HUSKERS: Newcombe comes up big ... again
BY STEVEN M. SIPPLE Lincoln Journal Star
Nebraska wingback Bobby Newcombe, a virtual non-entity for 59 minutes Friday, materialized in a big way during the final moments of the Huskers' heart-stopping win against Colorado.
But he failed to materialize for the post-game press conference that follows every game.
A Nebraska sports-information department official, following standard procedure, went to the locker room and asked Newcombe for his presence. But the 6-foot, 195-pound senior was firm in his refusal.
Ron Brown understood.
"You have to understand, you can create a monster sometimes," said Brown, the Huskers' receivers coach. "So much attention and so many expectations were placed on Bobby. He may feel like, 'You know what, I've already had a lot of attention.'"
Newcombe, particularly during the last half of the season, has kept his distance from the media. He's become a decidedly low-profile figure, and Brown said it's by design.
The coach said Newcombe grew tired of media speculating about his role on the team, specifically on whether he was being used too much - or not enough - in the offense.
"After awhile, it runs its course," Brown said. "For Bobby, I think it's run its course. It could be he just wants to savor this moment alone, with his family. I understand that."
What a moment to savor.
Senior day. A louder-than-usual Memorial Stadium crowd of 77,672. A sun-splashed field and a nip-and-tuck battle between Big 12 rivals.
Nebraska, trailing 32-31, took over at its own 41-yard line with 44 seconds left. Junior quarterback Eric Crouch, appearing calm and in control, completed passes of 6 and 9 yards to senior receiver John Gibson.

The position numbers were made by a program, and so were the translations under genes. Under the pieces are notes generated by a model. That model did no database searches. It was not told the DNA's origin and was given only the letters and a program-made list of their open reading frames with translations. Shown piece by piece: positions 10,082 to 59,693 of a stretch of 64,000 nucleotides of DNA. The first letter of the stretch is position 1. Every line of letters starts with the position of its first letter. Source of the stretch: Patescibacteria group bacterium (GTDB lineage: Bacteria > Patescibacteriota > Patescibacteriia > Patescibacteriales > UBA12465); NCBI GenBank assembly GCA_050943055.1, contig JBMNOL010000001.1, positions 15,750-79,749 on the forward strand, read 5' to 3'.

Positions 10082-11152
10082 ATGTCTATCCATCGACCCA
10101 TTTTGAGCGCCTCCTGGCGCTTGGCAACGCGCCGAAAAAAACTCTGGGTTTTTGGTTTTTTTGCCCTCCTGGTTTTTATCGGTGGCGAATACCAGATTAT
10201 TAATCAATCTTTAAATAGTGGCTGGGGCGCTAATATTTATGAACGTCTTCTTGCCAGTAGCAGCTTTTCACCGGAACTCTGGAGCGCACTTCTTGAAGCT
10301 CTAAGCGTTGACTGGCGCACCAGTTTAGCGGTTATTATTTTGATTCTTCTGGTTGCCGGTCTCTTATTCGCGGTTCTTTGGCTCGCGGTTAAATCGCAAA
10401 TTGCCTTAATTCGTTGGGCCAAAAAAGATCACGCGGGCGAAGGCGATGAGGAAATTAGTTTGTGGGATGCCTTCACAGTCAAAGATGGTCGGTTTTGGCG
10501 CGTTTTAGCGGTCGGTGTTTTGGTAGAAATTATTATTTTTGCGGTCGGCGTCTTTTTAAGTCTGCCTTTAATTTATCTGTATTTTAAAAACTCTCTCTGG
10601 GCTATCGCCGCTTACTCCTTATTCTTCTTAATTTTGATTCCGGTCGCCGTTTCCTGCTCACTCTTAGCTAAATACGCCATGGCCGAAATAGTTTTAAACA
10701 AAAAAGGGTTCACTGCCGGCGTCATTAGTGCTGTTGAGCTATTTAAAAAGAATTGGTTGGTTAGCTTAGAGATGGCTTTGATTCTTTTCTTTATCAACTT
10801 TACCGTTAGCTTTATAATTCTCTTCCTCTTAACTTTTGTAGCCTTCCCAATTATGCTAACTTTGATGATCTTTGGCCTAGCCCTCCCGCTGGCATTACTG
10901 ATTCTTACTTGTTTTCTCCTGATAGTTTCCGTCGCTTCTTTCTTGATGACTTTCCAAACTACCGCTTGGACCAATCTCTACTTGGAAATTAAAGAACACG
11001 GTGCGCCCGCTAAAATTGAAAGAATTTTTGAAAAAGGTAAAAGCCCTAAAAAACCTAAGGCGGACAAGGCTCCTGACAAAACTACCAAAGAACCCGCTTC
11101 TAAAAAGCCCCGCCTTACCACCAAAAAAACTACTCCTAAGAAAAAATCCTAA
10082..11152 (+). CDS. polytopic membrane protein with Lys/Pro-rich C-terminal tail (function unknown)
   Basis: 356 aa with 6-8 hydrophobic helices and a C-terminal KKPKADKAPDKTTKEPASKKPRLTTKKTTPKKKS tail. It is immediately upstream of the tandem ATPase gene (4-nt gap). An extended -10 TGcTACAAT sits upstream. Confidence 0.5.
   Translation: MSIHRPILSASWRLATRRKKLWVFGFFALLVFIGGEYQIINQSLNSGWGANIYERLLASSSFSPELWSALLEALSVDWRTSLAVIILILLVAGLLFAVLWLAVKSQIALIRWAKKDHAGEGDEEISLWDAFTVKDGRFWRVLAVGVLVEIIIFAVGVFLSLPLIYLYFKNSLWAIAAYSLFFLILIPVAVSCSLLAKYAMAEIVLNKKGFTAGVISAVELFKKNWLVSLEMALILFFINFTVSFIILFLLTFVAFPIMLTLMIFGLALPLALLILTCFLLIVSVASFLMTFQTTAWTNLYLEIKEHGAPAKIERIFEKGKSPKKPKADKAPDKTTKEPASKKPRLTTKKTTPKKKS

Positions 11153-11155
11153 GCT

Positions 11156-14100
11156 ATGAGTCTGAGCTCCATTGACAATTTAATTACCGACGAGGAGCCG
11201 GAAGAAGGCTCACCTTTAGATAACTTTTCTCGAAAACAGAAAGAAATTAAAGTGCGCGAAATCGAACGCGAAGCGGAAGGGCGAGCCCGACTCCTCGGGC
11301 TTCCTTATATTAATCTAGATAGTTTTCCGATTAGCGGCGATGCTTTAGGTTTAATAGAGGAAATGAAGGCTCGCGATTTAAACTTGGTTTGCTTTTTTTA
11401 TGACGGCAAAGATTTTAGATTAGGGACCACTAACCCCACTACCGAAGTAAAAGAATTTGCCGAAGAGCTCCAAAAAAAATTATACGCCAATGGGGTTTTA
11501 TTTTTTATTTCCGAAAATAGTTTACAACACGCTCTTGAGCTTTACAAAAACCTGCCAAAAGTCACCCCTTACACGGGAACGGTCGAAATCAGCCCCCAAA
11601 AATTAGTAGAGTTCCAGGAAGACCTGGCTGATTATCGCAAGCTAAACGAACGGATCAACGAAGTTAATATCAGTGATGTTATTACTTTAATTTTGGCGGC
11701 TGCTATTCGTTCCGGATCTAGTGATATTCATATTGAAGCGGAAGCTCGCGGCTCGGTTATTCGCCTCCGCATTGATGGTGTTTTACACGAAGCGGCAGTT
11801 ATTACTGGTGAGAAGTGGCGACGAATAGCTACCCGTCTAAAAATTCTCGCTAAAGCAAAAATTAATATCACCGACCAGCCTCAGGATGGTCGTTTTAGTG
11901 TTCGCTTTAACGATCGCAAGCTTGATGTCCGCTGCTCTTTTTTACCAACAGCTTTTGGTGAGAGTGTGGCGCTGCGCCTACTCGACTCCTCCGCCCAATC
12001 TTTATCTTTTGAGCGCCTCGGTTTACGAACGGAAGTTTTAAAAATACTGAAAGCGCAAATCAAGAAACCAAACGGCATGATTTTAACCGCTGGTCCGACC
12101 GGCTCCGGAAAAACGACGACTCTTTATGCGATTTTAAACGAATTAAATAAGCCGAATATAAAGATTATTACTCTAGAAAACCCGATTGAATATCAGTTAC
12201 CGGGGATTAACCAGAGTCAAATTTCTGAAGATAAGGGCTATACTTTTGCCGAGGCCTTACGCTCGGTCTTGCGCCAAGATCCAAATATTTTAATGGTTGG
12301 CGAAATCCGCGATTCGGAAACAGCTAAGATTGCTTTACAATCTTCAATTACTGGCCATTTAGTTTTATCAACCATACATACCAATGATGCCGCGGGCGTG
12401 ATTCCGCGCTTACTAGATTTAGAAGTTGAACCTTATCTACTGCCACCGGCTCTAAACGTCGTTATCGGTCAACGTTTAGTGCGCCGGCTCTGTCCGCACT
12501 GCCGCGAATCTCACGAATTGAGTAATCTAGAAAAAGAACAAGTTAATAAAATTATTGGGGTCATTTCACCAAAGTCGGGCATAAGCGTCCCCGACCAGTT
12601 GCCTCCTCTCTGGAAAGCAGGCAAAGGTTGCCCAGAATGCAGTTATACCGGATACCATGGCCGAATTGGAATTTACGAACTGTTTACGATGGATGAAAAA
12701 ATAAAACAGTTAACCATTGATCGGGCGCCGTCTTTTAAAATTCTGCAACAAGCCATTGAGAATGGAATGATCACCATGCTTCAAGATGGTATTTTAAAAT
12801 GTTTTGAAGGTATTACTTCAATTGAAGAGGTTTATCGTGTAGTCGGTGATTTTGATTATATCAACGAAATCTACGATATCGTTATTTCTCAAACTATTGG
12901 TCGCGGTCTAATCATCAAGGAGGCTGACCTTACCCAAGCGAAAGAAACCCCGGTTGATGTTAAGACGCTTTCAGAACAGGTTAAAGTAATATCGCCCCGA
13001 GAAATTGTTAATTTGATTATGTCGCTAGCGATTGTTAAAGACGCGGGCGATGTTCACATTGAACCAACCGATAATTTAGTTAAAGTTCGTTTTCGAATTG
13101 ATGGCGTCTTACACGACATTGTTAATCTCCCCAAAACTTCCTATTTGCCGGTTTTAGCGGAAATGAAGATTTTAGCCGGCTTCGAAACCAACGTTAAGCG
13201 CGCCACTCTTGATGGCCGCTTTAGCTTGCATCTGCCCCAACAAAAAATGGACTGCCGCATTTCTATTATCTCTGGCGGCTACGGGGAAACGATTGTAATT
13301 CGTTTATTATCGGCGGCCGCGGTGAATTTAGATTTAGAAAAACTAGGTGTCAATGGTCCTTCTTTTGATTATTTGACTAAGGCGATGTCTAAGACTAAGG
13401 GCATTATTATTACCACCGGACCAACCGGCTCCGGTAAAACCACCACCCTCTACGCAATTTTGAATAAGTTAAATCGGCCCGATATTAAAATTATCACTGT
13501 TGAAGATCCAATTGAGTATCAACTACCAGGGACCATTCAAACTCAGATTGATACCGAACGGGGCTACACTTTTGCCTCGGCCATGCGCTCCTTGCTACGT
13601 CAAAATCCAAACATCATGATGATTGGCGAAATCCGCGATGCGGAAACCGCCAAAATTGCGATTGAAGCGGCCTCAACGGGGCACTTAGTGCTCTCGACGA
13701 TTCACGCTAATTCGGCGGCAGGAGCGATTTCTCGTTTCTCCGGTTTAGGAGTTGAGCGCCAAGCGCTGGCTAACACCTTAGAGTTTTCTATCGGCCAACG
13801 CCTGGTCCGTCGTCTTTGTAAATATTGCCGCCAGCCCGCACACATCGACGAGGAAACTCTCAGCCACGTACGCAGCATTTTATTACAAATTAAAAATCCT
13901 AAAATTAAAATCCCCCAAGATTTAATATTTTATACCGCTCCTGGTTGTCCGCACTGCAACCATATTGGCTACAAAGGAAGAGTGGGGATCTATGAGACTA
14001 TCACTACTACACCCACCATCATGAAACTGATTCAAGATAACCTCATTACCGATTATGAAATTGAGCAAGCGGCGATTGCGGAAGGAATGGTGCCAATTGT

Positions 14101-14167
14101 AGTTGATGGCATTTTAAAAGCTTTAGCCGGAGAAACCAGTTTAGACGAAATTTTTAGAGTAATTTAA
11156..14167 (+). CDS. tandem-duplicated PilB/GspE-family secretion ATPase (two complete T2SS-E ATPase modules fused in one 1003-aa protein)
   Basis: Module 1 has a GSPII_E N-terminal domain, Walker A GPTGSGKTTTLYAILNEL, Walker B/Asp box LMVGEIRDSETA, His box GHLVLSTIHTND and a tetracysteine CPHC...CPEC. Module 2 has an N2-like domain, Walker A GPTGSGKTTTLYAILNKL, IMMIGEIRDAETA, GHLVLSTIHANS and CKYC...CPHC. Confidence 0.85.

With 22 seconds showing, Crouch found Newcombe for 13 yards to Colorado's 31.
Crouch carried for 2 yards then, after a Husker time out, zipped a 17-yard strike to Newcombe, who was tackled out of bounds at the Buffaloes' 12 with 5 seconds left.
"I expect nothing less from Bobby than to make plays like that," Crouch said.
After Josh Brown kicked the game-winning field goal, Newcombe quickly left the field.
Fans in South Stadium chanted "Bobby, Bobby, Bobby."
"I think he's a very sensitive, sweet kid," Brown said. "The hardening process has come from his fame. It's been difficult."
Newcombe finishes the regular season with 19 catches for 249 yards and no touchdowns. He has returned 20 punts for an average of 14.6 yards, including a 94-yard TD return Sept. 30 against Missouri.
"He's been a very unselfish player throughout his career," said Nebraska Coach Frank Solich, who named Crouch his starting QB over Newcombe before the start of the third game last season. "Bobby's got excellent talent. We've tried as much as possible to utilize that."
Sometimes, however, receivers in Nebraska's system get lost in the onslaught of rushing yardage. What's more, it's a challenge for Solich to use all of the weapons at his disposal.
"We had a number of playmakers on our football team this year, and really the great thing about it is not one of them cried for the ball," Solich said.
Brown said Newcombe has demonstrated a good attitude throughout the season. Newcombe gets along with teammates but doesn't hang out in large crowds, the coach said.
"He keeps a low-profile - he's not going to be the program's poster boy anymore," Brown said. "I think he's just working on what he needs to do to help this team.
"I'm really going to miss him."
Reach Steven M. Sipple at 473-7440 or email@example.com.